Acquiescently



disposed to or consent tacitly.
Historical Examples

“Heap better,” said Flor acquiescently, and beginning to hold a whistling colloquy with the hidden voice.
The Atlantic Monthly, Volume 16, No. 96, October 1865 Various

This it is the highest wisdom of men to acquiescently confess.
Abraham Lincoln’s Cardinal Traits; Clark S. Beardslee

“It is written: ‘Cho Sing collected feathers to make a garment for his canary when it began to moult,'” replied Lin acquiescently.
Kai Lung’s Golden Hours Ernest Bramah

I said something about a private family—’Or a private family,’ added the lady, acquiescently.
An American Girl in London Sara Jeannette Duncan

adj.

1690s (implied in acquiescently), from Latin acquiescentem (nominative acquiescens), present participle of acquiescere (see acquiesce).

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  • Acquiesces

    to assent tacitly; submit or comply silently or without protest; agree; consent: to acquiesce halfheartedly in a business plan. Contemporary Examples Pamela acquiesces to an extremely uncomfortable kiss, and then is finally allowed to go. Louie Attempts Rape (and Explores the ‘Nice Guy’ Phenomenon) Amy Zimmerman June 2, 2014 Historical Examples I feel as if […]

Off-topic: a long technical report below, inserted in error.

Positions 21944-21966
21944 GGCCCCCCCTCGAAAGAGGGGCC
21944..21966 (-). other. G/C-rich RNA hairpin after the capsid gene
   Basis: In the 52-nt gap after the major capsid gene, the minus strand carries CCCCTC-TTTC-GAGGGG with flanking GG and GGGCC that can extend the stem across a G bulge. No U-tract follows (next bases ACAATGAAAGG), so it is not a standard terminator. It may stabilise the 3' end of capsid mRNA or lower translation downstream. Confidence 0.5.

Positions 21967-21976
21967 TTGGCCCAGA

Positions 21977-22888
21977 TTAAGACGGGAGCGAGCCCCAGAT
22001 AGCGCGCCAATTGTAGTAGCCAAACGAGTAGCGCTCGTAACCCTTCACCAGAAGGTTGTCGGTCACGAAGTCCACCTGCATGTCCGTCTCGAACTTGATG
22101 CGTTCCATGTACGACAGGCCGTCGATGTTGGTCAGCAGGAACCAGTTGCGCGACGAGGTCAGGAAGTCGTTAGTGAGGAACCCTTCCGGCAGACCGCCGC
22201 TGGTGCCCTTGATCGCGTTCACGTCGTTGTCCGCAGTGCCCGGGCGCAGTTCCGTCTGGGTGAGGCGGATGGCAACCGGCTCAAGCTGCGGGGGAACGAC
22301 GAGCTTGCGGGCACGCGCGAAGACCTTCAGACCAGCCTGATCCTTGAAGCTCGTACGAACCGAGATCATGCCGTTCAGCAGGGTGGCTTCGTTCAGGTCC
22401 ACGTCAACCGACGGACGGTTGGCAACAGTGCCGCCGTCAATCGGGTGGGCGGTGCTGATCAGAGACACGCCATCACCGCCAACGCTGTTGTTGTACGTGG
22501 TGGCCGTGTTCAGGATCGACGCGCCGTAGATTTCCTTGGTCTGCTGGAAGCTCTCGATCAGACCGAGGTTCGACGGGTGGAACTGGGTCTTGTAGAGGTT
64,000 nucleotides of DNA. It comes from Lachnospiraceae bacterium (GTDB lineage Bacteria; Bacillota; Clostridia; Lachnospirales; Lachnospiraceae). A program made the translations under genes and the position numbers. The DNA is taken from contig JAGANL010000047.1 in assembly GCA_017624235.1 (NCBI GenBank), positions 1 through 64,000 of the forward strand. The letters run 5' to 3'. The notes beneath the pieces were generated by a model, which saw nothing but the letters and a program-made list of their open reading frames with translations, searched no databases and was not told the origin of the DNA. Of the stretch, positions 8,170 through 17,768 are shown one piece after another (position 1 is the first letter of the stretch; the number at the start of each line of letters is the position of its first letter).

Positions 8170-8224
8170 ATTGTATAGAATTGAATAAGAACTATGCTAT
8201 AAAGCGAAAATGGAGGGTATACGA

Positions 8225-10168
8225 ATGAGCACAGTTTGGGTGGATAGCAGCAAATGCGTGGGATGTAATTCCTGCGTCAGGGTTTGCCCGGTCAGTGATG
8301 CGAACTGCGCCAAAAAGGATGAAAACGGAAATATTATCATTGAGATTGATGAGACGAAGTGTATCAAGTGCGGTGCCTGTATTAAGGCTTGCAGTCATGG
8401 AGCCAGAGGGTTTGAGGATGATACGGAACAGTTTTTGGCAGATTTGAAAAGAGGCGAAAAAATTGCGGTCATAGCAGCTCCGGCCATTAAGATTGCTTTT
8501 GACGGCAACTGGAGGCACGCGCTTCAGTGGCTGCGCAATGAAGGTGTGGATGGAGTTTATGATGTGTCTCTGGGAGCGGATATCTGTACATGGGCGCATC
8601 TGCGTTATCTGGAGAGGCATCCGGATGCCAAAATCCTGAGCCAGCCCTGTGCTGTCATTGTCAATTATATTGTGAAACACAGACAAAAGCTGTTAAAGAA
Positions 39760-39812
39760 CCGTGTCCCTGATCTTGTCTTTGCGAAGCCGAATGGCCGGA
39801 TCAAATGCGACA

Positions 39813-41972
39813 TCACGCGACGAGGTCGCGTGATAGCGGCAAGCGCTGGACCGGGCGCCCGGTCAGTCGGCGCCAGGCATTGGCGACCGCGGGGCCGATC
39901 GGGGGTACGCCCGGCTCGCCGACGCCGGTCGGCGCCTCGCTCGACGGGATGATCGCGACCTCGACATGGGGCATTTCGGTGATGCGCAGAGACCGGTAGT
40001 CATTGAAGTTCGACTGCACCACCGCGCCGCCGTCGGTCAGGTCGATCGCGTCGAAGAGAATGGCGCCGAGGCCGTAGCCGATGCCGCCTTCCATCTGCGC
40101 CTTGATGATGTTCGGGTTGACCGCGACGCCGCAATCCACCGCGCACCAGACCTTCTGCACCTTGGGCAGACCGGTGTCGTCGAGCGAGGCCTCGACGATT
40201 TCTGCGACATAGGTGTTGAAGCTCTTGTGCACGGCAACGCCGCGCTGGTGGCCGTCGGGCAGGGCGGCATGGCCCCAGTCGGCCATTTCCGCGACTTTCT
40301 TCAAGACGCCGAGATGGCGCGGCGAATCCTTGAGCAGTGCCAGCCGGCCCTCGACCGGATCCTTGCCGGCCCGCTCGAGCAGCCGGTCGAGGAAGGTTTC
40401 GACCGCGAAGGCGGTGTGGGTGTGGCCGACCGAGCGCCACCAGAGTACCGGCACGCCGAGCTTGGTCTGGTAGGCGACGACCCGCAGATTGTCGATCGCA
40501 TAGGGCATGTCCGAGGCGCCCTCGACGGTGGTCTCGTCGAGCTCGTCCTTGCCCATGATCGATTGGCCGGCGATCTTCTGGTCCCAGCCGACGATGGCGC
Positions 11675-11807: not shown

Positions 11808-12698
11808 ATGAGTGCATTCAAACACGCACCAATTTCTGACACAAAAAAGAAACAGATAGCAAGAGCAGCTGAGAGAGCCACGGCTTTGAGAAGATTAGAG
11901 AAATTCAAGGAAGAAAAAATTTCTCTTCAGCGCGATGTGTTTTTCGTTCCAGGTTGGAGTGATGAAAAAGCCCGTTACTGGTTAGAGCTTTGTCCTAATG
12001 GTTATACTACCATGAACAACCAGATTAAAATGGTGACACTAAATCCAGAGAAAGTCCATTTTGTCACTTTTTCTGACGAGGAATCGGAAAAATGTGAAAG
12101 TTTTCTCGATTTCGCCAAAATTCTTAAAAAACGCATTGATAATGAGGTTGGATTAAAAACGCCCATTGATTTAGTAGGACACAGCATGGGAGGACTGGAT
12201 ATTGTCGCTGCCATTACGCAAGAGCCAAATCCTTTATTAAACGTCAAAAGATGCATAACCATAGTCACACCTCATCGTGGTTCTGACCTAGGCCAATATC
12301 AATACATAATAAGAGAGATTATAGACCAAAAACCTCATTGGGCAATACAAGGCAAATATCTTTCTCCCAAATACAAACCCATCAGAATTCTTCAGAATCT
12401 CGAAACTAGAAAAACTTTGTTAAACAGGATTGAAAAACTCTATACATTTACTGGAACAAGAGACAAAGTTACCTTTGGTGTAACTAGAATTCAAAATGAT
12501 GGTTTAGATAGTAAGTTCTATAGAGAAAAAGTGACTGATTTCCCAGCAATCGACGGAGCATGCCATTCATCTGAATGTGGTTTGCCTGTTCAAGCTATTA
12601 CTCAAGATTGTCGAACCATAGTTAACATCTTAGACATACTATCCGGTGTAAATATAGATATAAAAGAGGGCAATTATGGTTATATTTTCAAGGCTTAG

• Acquiescing

    to assent tacitly; submit or comply silently or without protest; agree; consent: to acquiesce halfheartedly in a business plan. Contemporary Examples But acquiescing to talks without a settlement freeze would be a major backtrack for Abbas and probably hurt his public standing. Obama’s Calculated Middle East Game: Can He Bring Peace? Dan Ephron May 19, […]



  • Acquire

    to come into possession or ownership of; get as one’s own: to acquire property. to gain for oneself through one’s actions or efforts: to acquire learning. Linguistics. to achieve native or nativelike command of (a language or a linguistic rule or element). Military. to locate and track (a moving target) with a detector, as radar. […]

  • Acquirable

    to come into possession or ownership of; get as one’s own: to acquire property. to gain for oneself through one’s actions or efforts: to acquire learning. Linguistics. to achieve native or nativelike command of (a language or a linguistic rule or element). Military. to locate and track (a moving target) with a detector, as radar. […]



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